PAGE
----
Is There a Need to Clean the DNS Cache?
By Shea Laverty
The DNS cache is a record of domain names converted into IP addresses during Web browsing and similar activities. The cache makes accessing these IP addresses faster by remembering the IP instead of having to look it up based on the entered domain. Despite the number of addresses the cache can amass over time, flushing the cache isn't always necessary. There are, however, circumstances where it may be a wise decision.
Domain Name System
DNS stands for Domain Name System, a system that automatically converts domain names into IP addresses during Web browsing. The purpose is to make surfing easy, as it's much easier to remember a simple domain name like "google.com" compared to an IP address like "12.345.6.789." As long as a DNS server is connected and available, both will lead to the same website.
Clearing the cache can be useful for webmasters during server migration. While changes to the DNS server are immediate, changes to the cache can take upwards of 48 hours, leaving users attempting to visit a site that no longer exists at its old IP address. When you clear the DNS server cache, the DNS server is forced to look up the new IP for the domain name instead of relying on the cached address. This means instant access to the correct IP address, instead of hours or days to get to the correct address. Clearing the cache can be especially important for websites that rely heavily on steady repeat traffic.
Another reason to clear your DNS cache is privacy. The DNS cache records every website visited, regardless of content. This means websites with confidential or objectionable content can also be traced using the DNS cache. By clearing your cache, you clear any record in the DNS of visiting said websites. This is particularly useful if you are using a public computer, where clearing your DNS cache can help reduce the chance of sensitive information falling into the wrong hands.
Cleaning up your cache is also a reasonable maintenance practice. DNS cache data doesn't take up much space, but the list can get very long if you don't clear the cache for a long time. Sites you no longer visit can be expunged and free up space for new entries. This can also prevent the cache from returning bad results and 404 errors when revisiting old websites, as old IP addresses may not reflect the current website addresses.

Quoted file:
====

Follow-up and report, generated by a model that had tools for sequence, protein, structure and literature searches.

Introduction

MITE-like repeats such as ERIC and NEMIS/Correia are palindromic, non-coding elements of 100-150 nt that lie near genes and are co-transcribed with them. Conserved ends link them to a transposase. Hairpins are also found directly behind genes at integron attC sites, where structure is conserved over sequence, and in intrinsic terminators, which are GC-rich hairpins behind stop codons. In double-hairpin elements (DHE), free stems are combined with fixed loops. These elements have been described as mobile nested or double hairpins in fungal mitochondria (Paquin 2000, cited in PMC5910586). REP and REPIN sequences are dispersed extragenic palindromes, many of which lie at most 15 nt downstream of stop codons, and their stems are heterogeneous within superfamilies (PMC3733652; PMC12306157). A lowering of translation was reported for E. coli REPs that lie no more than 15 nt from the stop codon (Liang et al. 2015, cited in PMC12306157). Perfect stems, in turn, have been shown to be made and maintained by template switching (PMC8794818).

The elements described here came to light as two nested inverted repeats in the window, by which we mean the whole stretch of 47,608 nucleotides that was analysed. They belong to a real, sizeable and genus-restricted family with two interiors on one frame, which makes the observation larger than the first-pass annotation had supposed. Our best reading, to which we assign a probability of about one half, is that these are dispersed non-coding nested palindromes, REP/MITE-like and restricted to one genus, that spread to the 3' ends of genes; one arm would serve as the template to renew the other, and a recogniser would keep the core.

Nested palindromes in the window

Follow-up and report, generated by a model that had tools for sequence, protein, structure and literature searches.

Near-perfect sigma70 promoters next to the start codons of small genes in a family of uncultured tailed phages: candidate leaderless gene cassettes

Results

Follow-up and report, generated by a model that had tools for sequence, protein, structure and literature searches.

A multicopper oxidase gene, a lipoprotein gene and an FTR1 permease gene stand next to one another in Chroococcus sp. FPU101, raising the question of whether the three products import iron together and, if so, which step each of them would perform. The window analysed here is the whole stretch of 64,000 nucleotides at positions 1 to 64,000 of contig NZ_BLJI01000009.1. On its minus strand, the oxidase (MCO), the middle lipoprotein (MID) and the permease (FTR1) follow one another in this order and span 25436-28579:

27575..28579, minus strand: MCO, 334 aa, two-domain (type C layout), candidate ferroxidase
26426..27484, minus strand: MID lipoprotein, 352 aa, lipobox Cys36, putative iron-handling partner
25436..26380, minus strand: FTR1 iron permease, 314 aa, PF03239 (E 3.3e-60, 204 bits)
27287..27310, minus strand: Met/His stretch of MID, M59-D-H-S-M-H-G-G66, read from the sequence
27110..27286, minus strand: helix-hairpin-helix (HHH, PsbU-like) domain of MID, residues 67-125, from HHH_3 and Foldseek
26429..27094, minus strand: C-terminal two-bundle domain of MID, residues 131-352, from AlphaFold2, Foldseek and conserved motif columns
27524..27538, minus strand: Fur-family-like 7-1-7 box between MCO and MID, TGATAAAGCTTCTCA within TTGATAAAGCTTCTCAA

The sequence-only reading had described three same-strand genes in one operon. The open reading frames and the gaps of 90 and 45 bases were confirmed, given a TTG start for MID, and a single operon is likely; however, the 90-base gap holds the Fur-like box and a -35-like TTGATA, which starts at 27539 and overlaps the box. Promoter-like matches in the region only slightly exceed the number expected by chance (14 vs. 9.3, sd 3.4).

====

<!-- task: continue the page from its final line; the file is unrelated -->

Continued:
Clearing the Cache
Clearing the cache is a very simple procedure. Sign in to an administrator account, press "Windows-X" to open the Power User menu, select "Command Prompt," and then type the command "ipconfig /flushdns" (without the quote marks) to completely clears the DNS cache, expunging all domain name and IP address records.
Disabling the DNS Cache in the Current Session
You can also disable the DNS cache for a single Internet session, so that the cache will not record any DNS information until the computer is restarted. Sign in to an administrator account, launch the Command Prompt from the Power User menu, and then change to the System32 folder using "cd" commands. For example, "cd FolderName" changes to a folder inside the current folder, while "cd .." changes to the previous root folder -- use this command to get back to either "Windows" or "C:", and then use the "cd FolderName" command to change to "Windows" and finally "System32."
Enter the following command in this folder:
net stop dnscache
This stops DNS caching for this session. To restart DNS caching for this session, enter the following command:
net start dnscache
Disabling the DNS Cache for an Indefinite Period
You can also completely disable DNS caching, so that domain names and IP addresses are not cached at all until you enable DNS caching again. Sign in to an administrator account, press "Windows-R" to open the Run dialog, type "services.msc" (without quotes), and then press "Enter." Double-click "DNS Client" in the Services list, click the "Startup type" menu, select "Disabled," and then click "OK." Before attempting to completely disable the DNS cache, test performance by only disabling a session. If there are no performance drops, you should be fine with completely disabling the DNS cache.